Astronomy C

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Re: Astronomy C

Postby Skink » October 10th, 2015, 6:20 am

The apparent position of star A from Earth is measured in March, and then again 6 months later in September. If the apparent position of star A changed by 0.036 arcseconds, what is the approximate distance from the sun to star A in lightyears?
d (in parsecs) = 1/p (in arcseconds).  p = 0.036 arcseconds. Substituting this in, we get ~27.77 parsecs. Multiply by 3.26 to get LY, giving us [b]90.55 LY[/b]. Do we need to worry about sig figs in astro?
Mhm, C Division has a blanket sig figs policy. Whether it's enforced is another story.

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Adi1008
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Re: Astronomy C

Postby Adi1008 » October 10th, 2015, 7:24 pm

The apparent position of star A from Earth is measured in March, and then again 6 months later in September. If the apparent position of star A changed by 0.036 arcseconds, what is the approximate distance from the sun to star A in lightyears?
d (in parsecs) = 1/p (in arcseconds).  p = 0.036 arcseconds. Substituting this in, we get ~27.77 parsecs. Multiply by 3.26 to get LY, giving us [b]90.55 LY[/b]. Do we need to worry about sig figs in astro?
Mhm, C Division has a blanket sig figs policy. Whether it's enforced is another story.
Thanks Skink. Guess my answer should have been this:
d (in parsecs) = 1/p (in arcseconds).  p = 0.036 arcseconds. Substituting this in, we get ~27.77 parsecs, [b]but 0.036 has 2 sig figs so 28[/b].Multiply by 3.26 to get LY and round to 2 sig figs, giving us [b]91 LY[/b].
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Re: Astronomy C

Postby finagle29 » October 11th, 2015, 12:35 pm

Suppose a person is looking at two stars, A and B, and perceives A to be 10 times brighter than B. The product of the magnitudes of the stars is 9, and both magnitudes are positive. What are the magnitudes of both stars?
A: 2, B: 4.5
From the equation for apparent magnitude [math]m_a - m_b = -2.5 \log_{10}\left(\frac{I_a}{I_b}\right)[/math] we see that [math]m_a - m_b = -2.5[/math] (because the common log of 10 is just 1) and since we're given [math]m_am_b=9[/math], algebra tells us that there are two solutions [math](m_a,m_b)=\pm(2,4.5)[/math] only one of which is positive.
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Re: Astronomy C

Postby Adi1008 » October 11th, 2015, 2:42 pm

Suppose a person is looking at two stars, A and B, and perceives A to be 10 times brighter than B. The product of the magnitudes of the stars is 9, and both magnitudes are positive. What are the magnitudes of both stars?
A: 2, B: 4.5
From the equation for apparent magnitude [math]m_a - m_b = -2.5 \log_{10}\left(\frac{I_a}{I_b}\right)[/math] we see that [math]m_a - m_b = -2.5[/math] (because the common log of 10 is just 1) and since we're given [math]m_am_b=9[/math], algebra tells us that there are two solutions [math](m_a,m_b)=\pm(2,4.5)[/math] only one of which is positive.
That's a good point. I forgot to specify in the question that I was talking about apparent magnitude. Sorry for any confusion. Also, how did you LaTeX the math in your answer?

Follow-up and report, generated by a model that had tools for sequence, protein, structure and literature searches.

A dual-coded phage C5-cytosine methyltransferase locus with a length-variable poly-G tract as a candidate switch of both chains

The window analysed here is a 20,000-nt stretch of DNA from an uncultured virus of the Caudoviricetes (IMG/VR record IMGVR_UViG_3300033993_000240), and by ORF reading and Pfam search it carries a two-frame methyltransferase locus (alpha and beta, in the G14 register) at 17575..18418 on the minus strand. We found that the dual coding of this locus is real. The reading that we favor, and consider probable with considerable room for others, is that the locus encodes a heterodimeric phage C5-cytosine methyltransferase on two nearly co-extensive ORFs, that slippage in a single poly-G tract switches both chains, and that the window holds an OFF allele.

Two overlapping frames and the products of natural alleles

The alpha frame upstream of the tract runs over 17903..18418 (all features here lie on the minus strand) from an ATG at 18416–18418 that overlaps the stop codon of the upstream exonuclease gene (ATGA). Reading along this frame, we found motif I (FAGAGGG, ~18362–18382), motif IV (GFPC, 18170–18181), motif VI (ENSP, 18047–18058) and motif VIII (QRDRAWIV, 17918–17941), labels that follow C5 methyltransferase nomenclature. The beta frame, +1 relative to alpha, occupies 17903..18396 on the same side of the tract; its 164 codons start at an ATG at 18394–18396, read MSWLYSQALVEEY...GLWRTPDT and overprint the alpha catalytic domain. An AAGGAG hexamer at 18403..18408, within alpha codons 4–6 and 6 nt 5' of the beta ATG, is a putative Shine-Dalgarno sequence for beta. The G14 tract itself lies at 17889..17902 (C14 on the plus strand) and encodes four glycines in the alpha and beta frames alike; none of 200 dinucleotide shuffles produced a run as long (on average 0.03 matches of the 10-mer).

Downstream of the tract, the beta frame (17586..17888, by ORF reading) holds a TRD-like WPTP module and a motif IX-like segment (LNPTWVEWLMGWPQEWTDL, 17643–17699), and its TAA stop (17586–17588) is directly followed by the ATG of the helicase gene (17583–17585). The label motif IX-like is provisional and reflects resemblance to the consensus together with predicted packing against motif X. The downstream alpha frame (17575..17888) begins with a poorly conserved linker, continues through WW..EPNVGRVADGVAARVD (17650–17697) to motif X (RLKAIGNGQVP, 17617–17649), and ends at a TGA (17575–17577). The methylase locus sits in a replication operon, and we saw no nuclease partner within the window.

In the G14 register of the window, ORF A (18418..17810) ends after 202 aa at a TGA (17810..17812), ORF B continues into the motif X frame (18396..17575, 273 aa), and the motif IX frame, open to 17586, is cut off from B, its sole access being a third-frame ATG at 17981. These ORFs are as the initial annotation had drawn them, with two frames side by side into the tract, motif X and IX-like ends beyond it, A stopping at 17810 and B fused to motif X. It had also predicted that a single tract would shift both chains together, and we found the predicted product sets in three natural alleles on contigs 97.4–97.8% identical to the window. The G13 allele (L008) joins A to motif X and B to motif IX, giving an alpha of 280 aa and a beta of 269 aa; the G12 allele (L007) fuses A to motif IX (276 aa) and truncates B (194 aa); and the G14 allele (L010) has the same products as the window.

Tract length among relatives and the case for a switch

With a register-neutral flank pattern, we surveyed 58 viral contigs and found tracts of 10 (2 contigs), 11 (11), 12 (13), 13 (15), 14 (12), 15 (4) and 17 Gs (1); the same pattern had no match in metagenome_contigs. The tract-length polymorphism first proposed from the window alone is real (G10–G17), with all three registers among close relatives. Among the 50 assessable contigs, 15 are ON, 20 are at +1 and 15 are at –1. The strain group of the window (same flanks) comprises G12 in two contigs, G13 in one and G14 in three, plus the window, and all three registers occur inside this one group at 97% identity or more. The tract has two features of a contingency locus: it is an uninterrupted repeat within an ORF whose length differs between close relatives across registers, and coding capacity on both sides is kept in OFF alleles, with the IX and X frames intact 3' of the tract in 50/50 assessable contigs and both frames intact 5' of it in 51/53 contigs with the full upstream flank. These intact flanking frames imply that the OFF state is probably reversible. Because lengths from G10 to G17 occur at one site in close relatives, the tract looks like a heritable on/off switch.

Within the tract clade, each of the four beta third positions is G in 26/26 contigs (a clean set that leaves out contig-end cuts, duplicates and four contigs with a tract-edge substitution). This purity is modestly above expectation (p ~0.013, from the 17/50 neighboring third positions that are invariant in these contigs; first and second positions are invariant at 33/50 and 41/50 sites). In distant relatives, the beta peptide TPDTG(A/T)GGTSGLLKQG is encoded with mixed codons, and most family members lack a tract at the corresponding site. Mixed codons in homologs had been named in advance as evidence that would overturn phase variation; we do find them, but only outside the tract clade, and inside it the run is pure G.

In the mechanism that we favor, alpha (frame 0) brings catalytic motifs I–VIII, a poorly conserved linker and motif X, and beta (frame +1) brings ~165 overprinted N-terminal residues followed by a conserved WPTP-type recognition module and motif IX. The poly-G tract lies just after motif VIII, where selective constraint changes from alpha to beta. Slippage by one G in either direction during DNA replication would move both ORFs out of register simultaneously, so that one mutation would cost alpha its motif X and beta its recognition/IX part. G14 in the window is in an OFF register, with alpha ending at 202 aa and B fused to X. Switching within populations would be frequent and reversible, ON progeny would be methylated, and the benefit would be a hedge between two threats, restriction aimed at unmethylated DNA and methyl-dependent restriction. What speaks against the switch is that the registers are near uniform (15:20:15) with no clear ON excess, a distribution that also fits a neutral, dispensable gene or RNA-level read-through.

The answer you got was right, so your turn now.
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Re: Astronomy C

Postby finagle29 » October 12th, 2015, 12:04 pm

Code: Select all

[math]LaTeX code here[/math]
Which DSO was the IAU petitioned to be renamed Gallifrey?
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Re: Astronomy C

Postby Adi1008 » October 12th, 2015, 3:42 pm

Code: Select all

[math]LaTeX code here[/math]
Which DSO was the IAU petitioned to be renamed Gallifrey?
HD 106906 b.
Thanks for the tip about LaTeX.
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Re: Astronomy C

Postby finagle29 » October 19th, 2015, 6:09 am

Correct! Your turn.

It's no problem, I like to see pretty math as much as the next person.
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Re: Astronomy C

Postby Adi1008 » October 22nd, 2015, 11:32 am

Correct! Your turn.

It's no problem, I like to see pretty math as much as the next person.
What is unique about the inclination of 55 Cancri e's orbit? What effect was used to determine the inclination?
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Re: Astronomy C

Postby Magikarpmaster629 » November 4th, 2015, 3:31 pm

Correct! Your turn.

It's no problem, I like to see pretty math as much as the next person.
What is unique about the inclination of 55 Cancri e's orbit? What effect was used to determine the inclination?
Its inclination is 83 degrees, which nearly perpendicular to the plane of the debris disk. It was found using the observation of 55 cancri e's transit.
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Re: Astronomy C

Postby Adi1008 » November 11th, 2015, 4:59 pm

Correct! Your turn.

It's no problem, I like to see pretty math as much as the next person.
What is unique about the inclination of 55 Cancri e's orbit? What effect was used to determine the inclination?
Its inclination is 83 degrees, which nearly perpendicular to the plane of the debris disk. It was found using the observation of 55 cancri e's transit.
The inclination is like that because of the gravitational pull of the red dwarf in the system about 1000 AU away, 55 Cancri B (just something I thought was cool). I was looking for something more specific for the effect - it's an actual name and stuff, not something that general.
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